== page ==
Scientific Hoaxes and Bad Academic Writing
A new case of scientific hoax, that happened six years ago, is currently circulating:
Six years ago I submitted a paper for a panel, “On the Absence of Absences” that was to be part of an academic conference later that year—in August 2010. Then, and now, I had no idea what the phrase “absence of absences” meant. The description provided by the panel organizers, printed below, did not help. The summary, or abstract of the proposed paper—was pure gibberish, as you can see below. I tried, as best I could within the limits of my own vocabulary, to write something that had many big words but which made no sense whatsoever. I not only wanted to see if I could fool the panel organizers and get my paper accepted, I also wanted to pull the curtain on the absurd pretentions of some segments of academic life. To my astonishment, the two panel organizers—both American sociologists—accepted my proposal and invited me to join them at the annual international conference of the Society for Social Studies of Science to be held that year in Tokyo.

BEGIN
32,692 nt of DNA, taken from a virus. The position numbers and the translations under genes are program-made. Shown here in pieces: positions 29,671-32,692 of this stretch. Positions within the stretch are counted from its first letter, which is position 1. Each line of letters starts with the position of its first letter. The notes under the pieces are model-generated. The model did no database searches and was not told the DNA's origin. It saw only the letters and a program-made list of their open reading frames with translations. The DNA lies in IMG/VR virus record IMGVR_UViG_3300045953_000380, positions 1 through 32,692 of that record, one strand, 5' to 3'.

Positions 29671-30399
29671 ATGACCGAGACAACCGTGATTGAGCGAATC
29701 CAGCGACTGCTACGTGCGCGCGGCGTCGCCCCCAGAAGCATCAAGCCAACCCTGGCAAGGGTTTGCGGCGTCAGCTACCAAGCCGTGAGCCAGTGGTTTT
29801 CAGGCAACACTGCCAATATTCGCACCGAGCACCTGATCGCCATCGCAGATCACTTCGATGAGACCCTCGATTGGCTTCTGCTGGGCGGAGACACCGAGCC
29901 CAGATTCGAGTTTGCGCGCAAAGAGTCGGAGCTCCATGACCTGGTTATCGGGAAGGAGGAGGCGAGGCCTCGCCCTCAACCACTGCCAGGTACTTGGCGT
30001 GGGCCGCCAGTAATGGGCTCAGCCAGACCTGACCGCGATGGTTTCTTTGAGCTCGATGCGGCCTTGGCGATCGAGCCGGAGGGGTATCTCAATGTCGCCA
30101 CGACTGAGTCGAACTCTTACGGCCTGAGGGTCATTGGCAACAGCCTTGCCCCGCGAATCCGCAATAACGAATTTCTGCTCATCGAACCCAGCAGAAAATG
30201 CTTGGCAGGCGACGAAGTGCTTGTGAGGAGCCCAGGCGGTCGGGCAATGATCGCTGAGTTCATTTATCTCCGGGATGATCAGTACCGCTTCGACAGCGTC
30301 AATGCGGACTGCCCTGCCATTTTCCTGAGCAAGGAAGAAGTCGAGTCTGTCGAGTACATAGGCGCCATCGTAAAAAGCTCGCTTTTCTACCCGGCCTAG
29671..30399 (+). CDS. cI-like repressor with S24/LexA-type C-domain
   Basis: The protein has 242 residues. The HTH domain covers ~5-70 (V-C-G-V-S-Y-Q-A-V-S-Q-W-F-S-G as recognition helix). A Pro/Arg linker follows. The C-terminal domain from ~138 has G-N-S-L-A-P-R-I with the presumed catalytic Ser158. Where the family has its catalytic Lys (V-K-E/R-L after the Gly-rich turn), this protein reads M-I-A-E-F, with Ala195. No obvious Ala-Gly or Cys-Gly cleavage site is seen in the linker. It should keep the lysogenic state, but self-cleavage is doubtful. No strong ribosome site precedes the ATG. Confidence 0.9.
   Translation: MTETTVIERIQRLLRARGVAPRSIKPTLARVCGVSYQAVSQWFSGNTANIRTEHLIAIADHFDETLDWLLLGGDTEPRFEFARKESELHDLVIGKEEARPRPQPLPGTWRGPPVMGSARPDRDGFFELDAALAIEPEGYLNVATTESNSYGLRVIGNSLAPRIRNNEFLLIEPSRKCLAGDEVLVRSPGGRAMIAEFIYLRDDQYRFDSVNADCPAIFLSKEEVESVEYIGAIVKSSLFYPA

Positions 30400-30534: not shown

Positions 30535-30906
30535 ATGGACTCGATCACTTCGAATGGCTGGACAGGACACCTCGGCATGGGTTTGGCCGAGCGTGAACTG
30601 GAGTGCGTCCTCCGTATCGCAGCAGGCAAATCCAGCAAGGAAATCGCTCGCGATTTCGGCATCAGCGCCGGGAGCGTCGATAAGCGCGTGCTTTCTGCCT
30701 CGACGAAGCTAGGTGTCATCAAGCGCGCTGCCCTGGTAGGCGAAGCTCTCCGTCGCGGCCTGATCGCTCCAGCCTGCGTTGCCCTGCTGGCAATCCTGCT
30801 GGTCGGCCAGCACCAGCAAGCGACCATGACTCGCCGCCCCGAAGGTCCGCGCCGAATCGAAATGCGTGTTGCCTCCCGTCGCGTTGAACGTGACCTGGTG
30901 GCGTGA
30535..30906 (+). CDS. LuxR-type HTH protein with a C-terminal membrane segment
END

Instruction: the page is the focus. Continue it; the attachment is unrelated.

These kind of hoaxes get public from time to time and it is not a new phenomenon (see Wikipedia’s Hoaxes in science category). While it is exhilarating to read about it, it also shows us, as scientists and laymen alike, that we should be more careful in the appreciation of scientific texts.
I disagree in some parts with his argumentation against small niches of research with texts he does not understand and I can see no reason to introduce politics (“leftists”, “left-wing academics”, etc.) in the debate. An interesting read, nevertheless.